So, Vivo. Previously I hadn't got much further than the front door before being told that it was full. Ikebukuro has got a good selection of good bars, so the fact that it was fully booked tells you something I guess. The place is classy looking and comfortable, two characteristics that don't always go together. There are around 10 seats at the counter and maybe 20 more at tables. The atmosphere was pleasantly relaxing after a fairly long day at work. I presume it is unnecessary to say that I would like somewhere like this in Yoyogi Uehara.
On to the beer. Vivo has 20 taps (two hand pumps), the majority of which are Japanese craft beers. There are a few US imports and I also spotted a Belgian one. In addition to these there are quite few bottles (mostly imports and not so cheap) and a couple of taps of macro stuff (in case you are coming with someone who has bad taste). There were a few beers in their selection which were new to me, one of which was their house beer, ISP (Ikebukuro Sunshine St Pale) made for them by Baird. This was really nice, made with New Zealand hops (and not the usual ones you might expect) and one of the best Baird beers I have had in a long time (not saying I don't like Baird beers, just that this one was especially nice). The beers come in four different sizes. The prices listed in the menu are for regular size (360ml) and half (285ml). Regular size ranged from ¥900-¥1150 and half size from ¥750-¥1000. In addition to this you can upsize to US pint (473ml) for an extra ¥150 or UK pint (568ml) for an extra ¥250. These interesting sizes make it a bit difficult to compare prices with other places. I have some nostalgia for the strict sizes used in the UK as you always know what you are getting. Visualising 360ml is a bit tricky for me. As you can probably see from these prices, Vivo is at the higher end of Tokyo prices. But I will say it didn't feel like a rip-off, and there is no cover charge like other places have, so popping in for one is definitely possible (if they have space).
So, all in all a very positive experience. I am starting to have trouble remembering the details and features of bars, so find it easier to go on my gut feeling, and my gut feeling here was very good. Yes, it is a bit more expensive than other places, but if all we were concerned about was price we wouldn't go to craft beer places. The beer selection and atmosphere were good and I left with a very positive impression. They publish their beer selection online here, so if you want to check before you set out, you can. If I ever find myself in Ikebukuro just after midnight on a weekday and fancy a drink, I know where to come. I'll think about how to get home when I have to.

Japanese breweries on tap when I visited:
Baird
Yo-Ho
Noboribetsu
Ise Kadoya
Coedo
Craft Liquors
Kisoji
Yokohama
Oh La Ho
Loco
Minamishinshu
Sankt Gallen
Iwatekura

Opening Hours:
Monday, 17.00-24.00
Tuesday-Friday, 17.00-26.00
Saturday & Sunday, 15.00-26.00

Location/map
B1F, 1-20-5 東池袋, Toshima-ku, Tokyo

Directions:
From Ikebukuro station leave via exit 34 (broadly speaking you need to head East, so follow any signs saying East gate). Come up the stairs at exit 34 and carry on walking and take the second right turn (the first right is pretty much where you emerge out of exit 34). Cross one main road and then two smaller roads and Vivo is on the left corner after you cross the third street. The door is just past the Starbucks.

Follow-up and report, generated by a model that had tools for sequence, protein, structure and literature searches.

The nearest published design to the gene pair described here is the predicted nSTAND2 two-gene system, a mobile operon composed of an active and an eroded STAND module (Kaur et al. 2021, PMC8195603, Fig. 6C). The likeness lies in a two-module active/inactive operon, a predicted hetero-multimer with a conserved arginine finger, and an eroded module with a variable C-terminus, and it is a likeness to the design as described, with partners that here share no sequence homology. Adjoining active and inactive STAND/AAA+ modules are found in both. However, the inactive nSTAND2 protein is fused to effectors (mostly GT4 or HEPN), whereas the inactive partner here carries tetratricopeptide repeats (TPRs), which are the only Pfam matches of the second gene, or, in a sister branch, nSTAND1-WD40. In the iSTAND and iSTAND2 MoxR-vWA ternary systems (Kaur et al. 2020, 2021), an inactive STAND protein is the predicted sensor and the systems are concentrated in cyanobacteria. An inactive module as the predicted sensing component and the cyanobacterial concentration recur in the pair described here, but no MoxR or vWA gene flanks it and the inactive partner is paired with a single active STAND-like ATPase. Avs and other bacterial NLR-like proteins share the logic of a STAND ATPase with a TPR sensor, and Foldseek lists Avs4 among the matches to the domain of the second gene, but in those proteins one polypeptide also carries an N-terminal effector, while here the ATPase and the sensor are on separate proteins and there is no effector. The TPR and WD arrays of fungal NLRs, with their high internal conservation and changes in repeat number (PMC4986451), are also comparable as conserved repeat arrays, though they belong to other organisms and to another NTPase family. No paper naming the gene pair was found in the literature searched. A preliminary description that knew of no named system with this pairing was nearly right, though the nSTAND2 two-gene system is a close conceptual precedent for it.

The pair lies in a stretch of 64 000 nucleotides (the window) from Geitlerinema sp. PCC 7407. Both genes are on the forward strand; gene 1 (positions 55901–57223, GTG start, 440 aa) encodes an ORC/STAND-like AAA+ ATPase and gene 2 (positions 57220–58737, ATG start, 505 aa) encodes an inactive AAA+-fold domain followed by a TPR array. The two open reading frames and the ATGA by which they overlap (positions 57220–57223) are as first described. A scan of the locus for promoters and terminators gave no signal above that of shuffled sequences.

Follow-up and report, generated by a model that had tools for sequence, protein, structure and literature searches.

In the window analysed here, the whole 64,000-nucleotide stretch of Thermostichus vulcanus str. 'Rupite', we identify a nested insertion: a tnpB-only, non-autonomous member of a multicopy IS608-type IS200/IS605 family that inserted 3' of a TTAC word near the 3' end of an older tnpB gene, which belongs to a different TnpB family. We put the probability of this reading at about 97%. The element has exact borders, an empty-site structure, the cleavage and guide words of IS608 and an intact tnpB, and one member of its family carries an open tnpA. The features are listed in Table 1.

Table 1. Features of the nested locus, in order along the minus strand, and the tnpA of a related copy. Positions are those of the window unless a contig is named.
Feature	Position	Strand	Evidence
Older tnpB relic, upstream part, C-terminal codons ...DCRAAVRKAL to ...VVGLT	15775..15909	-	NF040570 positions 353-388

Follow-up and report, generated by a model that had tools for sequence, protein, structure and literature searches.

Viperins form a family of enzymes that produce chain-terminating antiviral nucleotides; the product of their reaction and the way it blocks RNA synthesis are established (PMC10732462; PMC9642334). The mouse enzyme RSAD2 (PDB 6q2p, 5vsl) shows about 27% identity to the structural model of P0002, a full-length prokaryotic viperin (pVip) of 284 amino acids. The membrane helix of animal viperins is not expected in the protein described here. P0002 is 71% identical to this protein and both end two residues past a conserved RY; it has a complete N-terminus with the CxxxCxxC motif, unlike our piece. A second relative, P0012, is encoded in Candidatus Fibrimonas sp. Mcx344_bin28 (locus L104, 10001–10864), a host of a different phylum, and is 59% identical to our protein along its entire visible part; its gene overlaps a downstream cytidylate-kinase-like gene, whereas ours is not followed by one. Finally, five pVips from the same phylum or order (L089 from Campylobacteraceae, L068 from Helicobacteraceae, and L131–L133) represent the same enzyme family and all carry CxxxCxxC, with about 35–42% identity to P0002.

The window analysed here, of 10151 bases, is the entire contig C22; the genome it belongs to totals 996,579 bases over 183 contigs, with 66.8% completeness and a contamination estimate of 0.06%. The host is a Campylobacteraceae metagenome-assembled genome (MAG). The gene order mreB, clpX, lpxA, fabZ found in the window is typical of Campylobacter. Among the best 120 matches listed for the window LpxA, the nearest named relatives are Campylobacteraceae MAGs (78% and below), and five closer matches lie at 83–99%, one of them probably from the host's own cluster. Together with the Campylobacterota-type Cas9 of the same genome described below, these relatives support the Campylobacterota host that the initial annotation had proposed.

Telephone:
03-3987-1588

Links:
Website
Blog
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Wednesday, 10 July 2013

Lush Life

Today, a neighbourhood bar not so far out of central Tokyo. The name of this place has always appealed to me, and I finally found myself in the area, so I thought it was time for a visit. Once again a local neighbourhood has its own beer bar. Still nothing in Yoyogi Uehara...
Lush Life is a short walk from Sakurashinmachi station on the Den En Toshi line, not too many stops out from Shibuya. When I visited they were celebrating their first birthday, so understandably, the place looks pretty modern. There is seating for around 10 at a fairly long counter and for 14 more at a mix of high and low tables. Even though my typically bad photo doesn't show it, there is a large, bright sign in their window on the third floor, so it would be very difficult to miss the place if you were looking for it.
On to the beer. Lush Life has 12 taps which judging by the past tap lists on their Facebook page seem to be normally split about 50/50 between Japanese micros and imports. On the night I visited, there were only 4 Japanese taps on, but the import selection had some pretty interesting stuff. It was particularly nice to see Aventinus on tap, as the majority of draught imports around at the moment seem to be from the US. Beers come in two sizes, 250ml and 473ml. They are split into groups for pricing, unsurprisingly the imports coming in at the higher end. The prices varied from ¥550-¥700 for the smaller size and from ¥950-¥1200 for the large. Alongside the taps they also have a decent selection of bottles (round about 30 were listed on the menu). These were a mix of US, German, Belgian and a couple of Czech beers, and ranged from about ¥800-¥1200. They also had three beers from the Canadian brewery Phillips, which is something I haven't seen around, so that was a nice surprise. One thing that I found slightly irritating was that the prices listed in the menu didn't include sales tax. I know it's only 5% extra, but it did feel a bit sneaky. And there is also a ¥300 cover charge. The snack I got for this was pretty nice, but it does make it less enticing to pop in for one or two.
So, a bit of a mixed report. The prices are about normal for Tokyo, but once you add on the cover charge and the tax it is moving towards the top end. The place is pretty nice and I had some good beers there. I would love to have an option like this near my house (maybe I mentioned that before). If you are in the area and want a good beer without going into central Tokyo, this is an excellent place to get it.

Japanese breweries on tap when I visited:
Gotemba Kogen
Yo-Ho
Shiga Kogen
Hitachino Nest

Opening Hours:
Monday-Friday, 18.00-24.00
Saturday, 15.00-24.00
Sunday, 15.00-21.00

Location/map
フジヤビル 3F, 1-11-4 桜新町, Setagaya-ku, Tokyo

Directions:
From Sakurashinmachi station, leave via the South Exit. Turn left at the top of the stairs and take the second left at the traffic lights. Cross two side streets and you will find the bar on the left hand side between the second and third streets.



Telephone:
050-3515-5521

Links:
Website